braidyoudaoicibaDictYouDict[braid 词源字典]
braid: [OE] The ultimate source of braid was West and North Germanic *bregthan, whose underlying meaning was probably ‘make sudden jerky movements from side to side’. This was carried through into Old English bregdan, but had largely died out by the 16th century. However, ‘making swift side-to-side movements’ had early developed a special application to the intertwining of strands or threads, and it is this ‘plaiting’ sense which has survived. The Germanic base *bregth- was also the ultimate source of bridle, but the superficially similar embroider had a different origin.
=> bridle, upbraid[braid etymology, braid origin, 英语词源]
braid (v.)youdaoicibaDictYouDict
"to plait, knit, weave, twist together," c. 1200, breidan, from Old English bregdan "to move quickly, pull, shake, swing, throw (in wrestling), draw (a sword); bend, weave, knit, join together; change color, vary; scheme, feign, pretend" (class III strong verb, past tense brægd, past participle brogden), from Proto-Germanic *bregthan "make sudden jerky movements from side to side" (compare Old Norse bregða "to brandish, turn about, braid;" Old Saxon bregdan "to weave;" Dutch breien "to knit;" Old High German brettan "to draw, weave, braid"), from PIE root *bherek- "to gleam, flash" (compare Sanskrit bhrasate "flames, blazes, shines"). In English the verb survives only in the narrow definition of "plait hair." Related: Braided; braiding.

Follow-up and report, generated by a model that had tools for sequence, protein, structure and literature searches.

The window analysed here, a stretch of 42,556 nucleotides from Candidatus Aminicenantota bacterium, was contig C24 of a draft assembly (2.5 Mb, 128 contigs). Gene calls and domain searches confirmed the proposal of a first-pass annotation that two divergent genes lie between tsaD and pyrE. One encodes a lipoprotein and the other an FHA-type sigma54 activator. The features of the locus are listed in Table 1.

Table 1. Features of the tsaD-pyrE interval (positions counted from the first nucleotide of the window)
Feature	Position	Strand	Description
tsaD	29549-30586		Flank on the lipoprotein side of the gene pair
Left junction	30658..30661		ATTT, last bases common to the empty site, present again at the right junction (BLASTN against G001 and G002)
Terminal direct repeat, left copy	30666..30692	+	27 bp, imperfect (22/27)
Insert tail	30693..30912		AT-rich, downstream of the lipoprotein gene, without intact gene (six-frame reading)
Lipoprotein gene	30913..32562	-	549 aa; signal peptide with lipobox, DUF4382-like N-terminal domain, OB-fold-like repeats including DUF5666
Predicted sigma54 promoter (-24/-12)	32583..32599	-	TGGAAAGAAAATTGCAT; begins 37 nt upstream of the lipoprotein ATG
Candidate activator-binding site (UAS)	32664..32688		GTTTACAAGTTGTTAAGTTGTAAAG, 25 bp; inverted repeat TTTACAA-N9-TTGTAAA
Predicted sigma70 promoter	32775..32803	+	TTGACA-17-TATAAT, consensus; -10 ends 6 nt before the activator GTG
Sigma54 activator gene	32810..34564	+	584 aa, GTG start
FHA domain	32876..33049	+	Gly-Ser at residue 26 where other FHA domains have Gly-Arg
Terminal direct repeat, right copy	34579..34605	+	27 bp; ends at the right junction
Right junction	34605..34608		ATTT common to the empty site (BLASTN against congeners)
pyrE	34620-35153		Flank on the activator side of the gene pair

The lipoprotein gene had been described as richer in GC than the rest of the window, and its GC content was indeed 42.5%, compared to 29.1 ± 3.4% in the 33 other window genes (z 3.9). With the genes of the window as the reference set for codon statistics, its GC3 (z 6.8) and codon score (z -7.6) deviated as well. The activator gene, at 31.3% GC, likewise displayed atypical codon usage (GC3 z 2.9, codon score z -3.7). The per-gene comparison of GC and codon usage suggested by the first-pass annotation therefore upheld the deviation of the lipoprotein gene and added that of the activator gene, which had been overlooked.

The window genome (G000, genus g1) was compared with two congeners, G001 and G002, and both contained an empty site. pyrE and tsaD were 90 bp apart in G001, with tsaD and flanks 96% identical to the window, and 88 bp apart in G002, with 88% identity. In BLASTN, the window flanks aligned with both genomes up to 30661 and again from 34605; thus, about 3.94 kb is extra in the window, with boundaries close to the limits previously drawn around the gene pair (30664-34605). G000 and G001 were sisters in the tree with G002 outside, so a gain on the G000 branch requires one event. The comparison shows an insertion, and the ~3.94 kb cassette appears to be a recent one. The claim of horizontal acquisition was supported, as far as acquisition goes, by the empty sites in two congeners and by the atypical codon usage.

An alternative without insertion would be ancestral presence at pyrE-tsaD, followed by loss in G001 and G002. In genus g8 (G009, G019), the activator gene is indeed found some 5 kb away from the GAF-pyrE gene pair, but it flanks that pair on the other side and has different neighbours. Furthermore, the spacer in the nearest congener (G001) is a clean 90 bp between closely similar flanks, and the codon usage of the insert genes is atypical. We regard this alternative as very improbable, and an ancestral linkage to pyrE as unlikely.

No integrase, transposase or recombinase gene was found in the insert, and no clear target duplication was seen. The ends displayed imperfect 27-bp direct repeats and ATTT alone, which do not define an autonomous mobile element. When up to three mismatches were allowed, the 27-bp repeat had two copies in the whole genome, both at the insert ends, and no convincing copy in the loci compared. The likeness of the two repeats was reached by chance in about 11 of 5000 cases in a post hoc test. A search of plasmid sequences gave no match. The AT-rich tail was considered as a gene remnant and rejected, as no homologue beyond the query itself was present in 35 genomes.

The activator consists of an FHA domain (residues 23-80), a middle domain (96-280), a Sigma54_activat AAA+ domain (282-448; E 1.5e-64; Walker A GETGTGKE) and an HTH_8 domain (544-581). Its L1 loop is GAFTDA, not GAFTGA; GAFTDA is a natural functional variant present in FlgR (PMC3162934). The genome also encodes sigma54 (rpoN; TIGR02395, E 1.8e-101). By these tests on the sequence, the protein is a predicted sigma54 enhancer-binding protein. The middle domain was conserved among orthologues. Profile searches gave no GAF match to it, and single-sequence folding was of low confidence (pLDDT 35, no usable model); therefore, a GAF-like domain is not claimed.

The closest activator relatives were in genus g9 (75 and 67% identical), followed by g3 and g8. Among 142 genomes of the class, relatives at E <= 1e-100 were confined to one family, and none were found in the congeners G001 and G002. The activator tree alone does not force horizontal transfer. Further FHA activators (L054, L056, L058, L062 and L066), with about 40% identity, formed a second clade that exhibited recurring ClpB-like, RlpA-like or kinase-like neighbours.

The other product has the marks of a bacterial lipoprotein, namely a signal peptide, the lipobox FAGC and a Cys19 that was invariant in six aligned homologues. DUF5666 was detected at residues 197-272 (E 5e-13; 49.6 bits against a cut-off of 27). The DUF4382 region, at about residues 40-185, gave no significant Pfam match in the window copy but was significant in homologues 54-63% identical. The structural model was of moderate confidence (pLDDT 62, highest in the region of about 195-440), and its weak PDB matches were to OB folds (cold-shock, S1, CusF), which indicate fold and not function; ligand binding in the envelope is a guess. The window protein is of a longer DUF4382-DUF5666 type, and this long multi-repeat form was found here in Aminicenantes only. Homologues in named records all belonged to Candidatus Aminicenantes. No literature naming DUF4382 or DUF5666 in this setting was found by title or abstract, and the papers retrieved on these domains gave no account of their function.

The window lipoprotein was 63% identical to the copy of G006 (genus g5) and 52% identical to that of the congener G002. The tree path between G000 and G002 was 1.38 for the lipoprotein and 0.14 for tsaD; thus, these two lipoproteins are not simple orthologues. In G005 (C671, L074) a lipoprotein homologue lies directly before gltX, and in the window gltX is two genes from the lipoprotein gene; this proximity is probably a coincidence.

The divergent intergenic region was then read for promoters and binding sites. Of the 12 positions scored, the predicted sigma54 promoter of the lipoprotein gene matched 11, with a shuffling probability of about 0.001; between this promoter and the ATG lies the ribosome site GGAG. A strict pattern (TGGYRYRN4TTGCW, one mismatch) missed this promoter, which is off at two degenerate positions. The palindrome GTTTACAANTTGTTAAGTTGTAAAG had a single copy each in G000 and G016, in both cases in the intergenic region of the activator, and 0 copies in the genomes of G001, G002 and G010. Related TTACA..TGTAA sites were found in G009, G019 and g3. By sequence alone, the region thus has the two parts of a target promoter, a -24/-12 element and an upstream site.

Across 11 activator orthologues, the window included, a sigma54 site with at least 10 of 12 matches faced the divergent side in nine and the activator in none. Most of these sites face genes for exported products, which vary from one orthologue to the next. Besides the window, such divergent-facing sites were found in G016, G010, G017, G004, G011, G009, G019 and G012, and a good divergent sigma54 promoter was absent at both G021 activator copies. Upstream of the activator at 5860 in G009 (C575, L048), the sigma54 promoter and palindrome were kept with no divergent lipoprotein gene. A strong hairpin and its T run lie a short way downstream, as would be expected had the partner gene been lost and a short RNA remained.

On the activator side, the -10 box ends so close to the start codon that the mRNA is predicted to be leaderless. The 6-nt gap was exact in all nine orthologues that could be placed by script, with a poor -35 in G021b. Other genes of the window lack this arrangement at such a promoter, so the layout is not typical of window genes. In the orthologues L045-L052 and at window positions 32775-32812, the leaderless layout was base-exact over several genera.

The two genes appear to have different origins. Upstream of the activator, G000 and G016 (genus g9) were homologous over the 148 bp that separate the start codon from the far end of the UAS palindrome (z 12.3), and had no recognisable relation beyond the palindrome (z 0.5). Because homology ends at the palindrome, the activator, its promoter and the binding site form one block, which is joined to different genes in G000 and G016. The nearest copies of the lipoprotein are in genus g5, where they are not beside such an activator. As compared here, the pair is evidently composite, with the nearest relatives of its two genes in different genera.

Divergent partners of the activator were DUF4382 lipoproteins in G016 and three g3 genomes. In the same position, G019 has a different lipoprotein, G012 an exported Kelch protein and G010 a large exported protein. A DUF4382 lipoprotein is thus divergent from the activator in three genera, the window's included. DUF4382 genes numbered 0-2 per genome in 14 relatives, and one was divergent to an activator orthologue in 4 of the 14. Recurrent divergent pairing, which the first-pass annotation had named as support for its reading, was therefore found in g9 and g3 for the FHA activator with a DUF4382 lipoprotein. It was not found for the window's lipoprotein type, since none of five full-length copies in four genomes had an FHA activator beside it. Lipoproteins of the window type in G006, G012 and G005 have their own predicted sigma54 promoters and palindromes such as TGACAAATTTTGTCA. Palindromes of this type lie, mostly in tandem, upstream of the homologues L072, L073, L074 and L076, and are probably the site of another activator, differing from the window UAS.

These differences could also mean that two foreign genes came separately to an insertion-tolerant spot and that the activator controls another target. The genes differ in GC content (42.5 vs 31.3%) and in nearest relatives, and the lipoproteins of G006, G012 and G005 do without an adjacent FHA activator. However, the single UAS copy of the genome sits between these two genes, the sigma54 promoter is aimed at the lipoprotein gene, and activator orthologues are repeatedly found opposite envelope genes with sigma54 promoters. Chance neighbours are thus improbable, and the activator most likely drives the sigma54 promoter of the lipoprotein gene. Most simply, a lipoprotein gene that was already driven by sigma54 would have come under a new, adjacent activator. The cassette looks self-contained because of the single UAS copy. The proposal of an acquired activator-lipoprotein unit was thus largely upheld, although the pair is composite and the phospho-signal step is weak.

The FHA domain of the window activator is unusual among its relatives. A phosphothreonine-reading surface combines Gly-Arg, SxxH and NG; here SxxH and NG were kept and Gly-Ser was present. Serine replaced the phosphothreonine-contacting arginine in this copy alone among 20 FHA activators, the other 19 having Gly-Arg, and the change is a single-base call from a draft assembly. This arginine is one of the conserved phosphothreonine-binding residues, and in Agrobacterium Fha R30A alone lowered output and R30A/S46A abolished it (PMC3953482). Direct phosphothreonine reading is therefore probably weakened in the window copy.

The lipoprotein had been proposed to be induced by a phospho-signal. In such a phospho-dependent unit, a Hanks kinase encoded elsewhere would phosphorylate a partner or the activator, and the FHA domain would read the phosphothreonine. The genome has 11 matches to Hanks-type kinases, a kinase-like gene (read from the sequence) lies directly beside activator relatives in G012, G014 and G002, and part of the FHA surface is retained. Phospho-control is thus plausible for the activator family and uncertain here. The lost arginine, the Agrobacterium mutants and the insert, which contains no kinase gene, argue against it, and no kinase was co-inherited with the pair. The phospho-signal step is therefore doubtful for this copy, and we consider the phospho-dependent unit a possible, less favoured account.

braid (n.)youdaoicibaDictYouDict
in part from stem found in Old English gebrægd "craft, fraud," gebregd "commotion," Old Norse bragð "deed, trick," and in part from or influenced by related braid (v.). Earliest senses are "a deceit, stratagem, trick" (c. 1200), "sudden or quick movement" (c. 1300); meaning "anything plaited or entwined" (especially hair) is from 1520s.